4. Beck, Nacho Libre: Beck wasn’t really responsible for this score. Due to studio interference, he was replaced by Danny Elfman. But Beck’s presence here is identifiable. It’s maybe better considered as a potential score, which might actually make it better. As solid as the Beck contributions are, the real hero is whoever decided to include “Saint Behind the Glass” by Los Lobos, which is in the running for one the great songs.
  5. Michael Andrews, Me You and Everyone We Know: I didn’t like the movie, but the sound palette is incredibly evocative—comfortable and dissociated, childish and disturbing. I think about it as soon as I think about soundtracks.

I’m not a huge LOTR fan, but seriously, I don’t think the music is that bad. The main ring theme is evocative and, I think, super effective.

The M83 score for Oblivion matched the movie perfectly, in that it was boring and sucked.

Nate Douglas:

  1. Yann Tiersen, Amelie: Very French—captures joyous wonderment, tastes like wine and baguettes paired with dreams and imagination.
  2. John Williams, The Empire Strikes Back/Jaws: Because awesomeness doesn’t need to be defended.
  3. Vangelis, Chariots of Fire: Electronics that were radical for its time, yet still holds up, along with Blade Runner the year after.
  4. Cliff Martinez, The Knick: The Knick is a television series, not a film, but that hasn’t stopped us before. It isn’t period music, but Soderbergh is telling stories that ring true today, hence the score.
  5. Alexandre Desplat, The Tree of Life: Relegated to transitions whilst under the shadow of Mozart and Bach, Desplat uses natural sounds to pair with the life-giving water and wonderment of the film. His score is not the centerpiece, but he does help bring all the pieces together.

Rikki Elizabeth Stinnette:

  1. The Terminal, John Williams: This is one of Williams’ overlooked gems. It boasts a great combination of jazz and Eastern European tones, and it adds to Viktor Navorski’s quirky characterization.
  2. Pirates of the Caribbean: Curse of the Black Pearl, Klaus Badelt: When scholars say that soundtracks are the next wave of classical music, this is the score I think about. Adventurous, catchy, fun, and not too “Hans Zimmer” bombastic.
  3. How to Train Your Dragon, John Powell: Another catchy score. It makes bagpipes sound cool.
  4. O Brother, Where Art Thou, various: This movie would be much less rich without its authentically Southern soundtrack. I love how it ties the Odysseus mythos with rural American culture.
  5. Beauty and the Beast, Howard Ashman and Alan Menken: Do musicals count? If so, this is Disney’s best. The opening prelude that introduces the Beast’s castle still sends chills down my spine.

James Banks:

  1. “The King of Devil’s Island” Johan Söderqvist. A song of experience in a boy’s correctional facility; they irony plays well and constantly reminds the viewer that the film is a memory of things lost.
  2. “The Lives of Others” Gabriel Yared. The reason a score is important is because it reminds the audience to empathize. For instance, the Dardenelles Brothers’ movies seem cold and naturalistic because they lack musical scores. “The Lives of Others” could easily have been “The Lives of Others” had it not been for the non-diegetic track which keeps the audience focused on the humanity at the center of a society that can only thrive by suppressing it.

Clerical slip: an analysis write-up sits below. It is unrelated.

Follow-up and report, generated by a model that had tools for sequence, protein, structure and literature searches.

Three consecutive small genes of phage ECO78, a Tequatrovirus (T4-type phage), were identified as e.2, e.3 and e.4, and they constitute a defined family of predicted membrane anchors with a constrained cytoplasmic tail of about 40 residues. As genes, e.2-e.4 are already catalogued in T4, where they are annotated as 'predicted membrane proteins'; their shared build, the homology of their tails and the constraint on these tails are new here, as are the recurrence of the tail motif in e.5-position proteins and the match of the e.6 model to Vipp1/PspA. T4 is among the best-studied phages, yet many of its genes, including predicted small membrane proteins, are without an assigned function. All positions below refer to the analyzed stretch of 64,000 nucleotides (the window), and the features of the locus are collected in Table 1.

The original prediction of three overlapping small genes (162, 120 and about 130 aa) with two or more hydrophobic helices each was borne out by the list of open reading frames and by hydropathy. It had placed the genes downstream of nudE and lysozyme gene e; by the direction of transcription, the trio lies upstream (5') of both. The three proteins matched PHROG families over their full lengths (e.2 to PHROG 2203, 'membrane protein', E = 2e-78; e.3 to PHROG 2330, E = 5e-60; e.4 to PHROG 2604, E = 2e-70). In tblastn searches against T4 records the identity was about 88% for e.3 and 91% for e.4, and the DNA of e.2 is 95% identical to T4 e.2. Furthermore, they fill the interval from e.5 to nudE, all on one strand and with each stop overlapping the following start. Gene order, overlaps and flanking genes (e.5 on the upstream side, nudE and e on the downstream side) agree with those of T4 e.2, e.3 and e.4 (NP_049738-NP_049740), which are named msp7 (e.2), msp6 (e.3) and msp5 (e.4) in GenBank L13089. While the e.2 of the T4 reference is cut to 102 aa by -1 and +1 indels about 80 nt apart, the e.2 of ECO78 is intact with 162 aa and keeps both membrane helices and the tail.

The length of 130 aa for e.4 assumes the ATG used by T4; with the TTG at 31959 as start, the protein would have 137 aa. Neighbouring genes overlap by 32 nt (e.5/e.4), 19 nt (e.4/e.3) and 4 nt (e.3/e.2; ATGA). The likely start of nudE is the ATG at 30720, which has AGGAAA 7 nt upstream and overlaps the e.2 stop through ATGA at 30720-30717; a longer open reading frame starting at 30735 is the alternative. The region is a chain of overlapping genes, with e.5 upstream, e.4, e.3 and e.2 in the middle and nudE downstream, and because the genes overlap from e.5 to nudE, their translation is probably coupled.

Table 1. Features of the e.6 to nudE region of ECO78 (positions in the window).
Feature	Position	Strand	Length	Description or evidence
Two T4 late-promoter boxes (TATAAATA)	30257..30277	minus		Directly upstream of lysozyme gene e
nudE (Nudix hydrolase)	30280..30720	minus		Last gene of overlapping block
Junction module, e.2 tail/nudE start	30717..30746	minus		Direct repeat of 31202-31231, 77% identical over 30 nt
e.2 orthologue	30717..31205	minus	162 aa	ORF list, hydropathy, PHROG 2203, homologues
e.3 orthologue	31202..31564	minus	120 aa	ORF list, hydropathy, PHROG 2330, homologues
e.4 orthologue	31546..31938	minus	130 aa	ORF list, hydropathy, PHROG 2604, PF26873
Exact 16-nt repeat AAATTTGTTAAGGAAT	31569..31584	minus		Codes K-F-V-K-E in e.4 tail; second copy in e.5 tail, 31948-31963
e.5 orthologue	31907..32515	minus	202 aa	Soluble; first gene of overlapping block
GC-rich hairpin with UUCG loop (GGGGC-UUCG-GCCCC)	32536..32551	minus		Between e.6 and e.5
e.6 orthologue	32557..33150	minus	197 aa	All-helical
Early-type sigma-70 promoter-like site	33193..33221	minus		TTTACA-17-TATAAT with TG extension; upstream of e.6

3. “Jurassic Park” John Williams. No score captures the thrill of discovery and adventure better.
  4. “The Insider” Lisa Gerard and Pieter Bourke. Combined with Dante Spinotti’s cinematography, the score gives the film the surrealistic aura that underwrites its theme of the loneliness of those who practice integrity.
  5. (Going a bit outside the timeframe) “The Thin Blue Line” Philip Glass. The theme which requires some patience before it pays off, but then, so does waiting on death row for a decade before being released.

Sean Johnson:

  1. Anton Karas, The Third Man: This one is a few decades outside the parameters of the week’s list but [undefended]. The zither score remains one of the most unique in cinema, and the contrast between the slow pace of the film’s first act and the kinetic tension of the music heightens the drama of the mystery and draws it on seamlessly into the climactic manhunt.
  2. Ennio Morricone, The Mission: If anyone could turn a film about missionaries into a spaghetti Western, it’s Morricone. Appropriately pious, the score certainly and effortlessly ascends in places, but in others it is grounded and hardened to communicate the reality of life in a new and hostile place—a frontier.
  3. T Bone Burnett, Inside Llewyn Davis: No original tunes here, but the selection and recording of the tracks is seldom done so well. The folk singers in the film aren’t singing 60’s-era folk songs, they’re singing the traditional American tunes that would become modern “Folk” songs. Add to that Oscar Isaac’s undubbed plucking and singing and the experience is real and seamless.
  4. Nick Cave & Warren Ellis, The Assassination of Jesse James by the Coward Robert Ford: From the sweeping, mournful landscape shots, to the close, minimal performances, Cave’s and Ellis’ score matches and holds every element of the film in careful balance.
  5. Alexander Desplat, The Fantastic Mr. Fox: The “Grand Budapest” score is superior for reasons given above, but this one deserves a mention here as the sandbox where Desplat started to work out the playful-pathetic balance necessary for a Wes Anderson score. Evoking sympathy for animals made of stuffing is as much the composer’s job as anyone else’s.

HM to Ocean’s 12; that Euro-Jazz score is one of Holmes’ best.

Timothy Lawrence:

1. The Assassination of Jesse James by the Coward Robert Ford (Nick Cave & Warren Ellis)
2. All Is Lost (Alex Ebert)
3. Pan’s Labyrinth (Javier Navarrete)
4. A.I. Artificial Intelligence (John Williams)
5. Under the Skin (Mica Levi)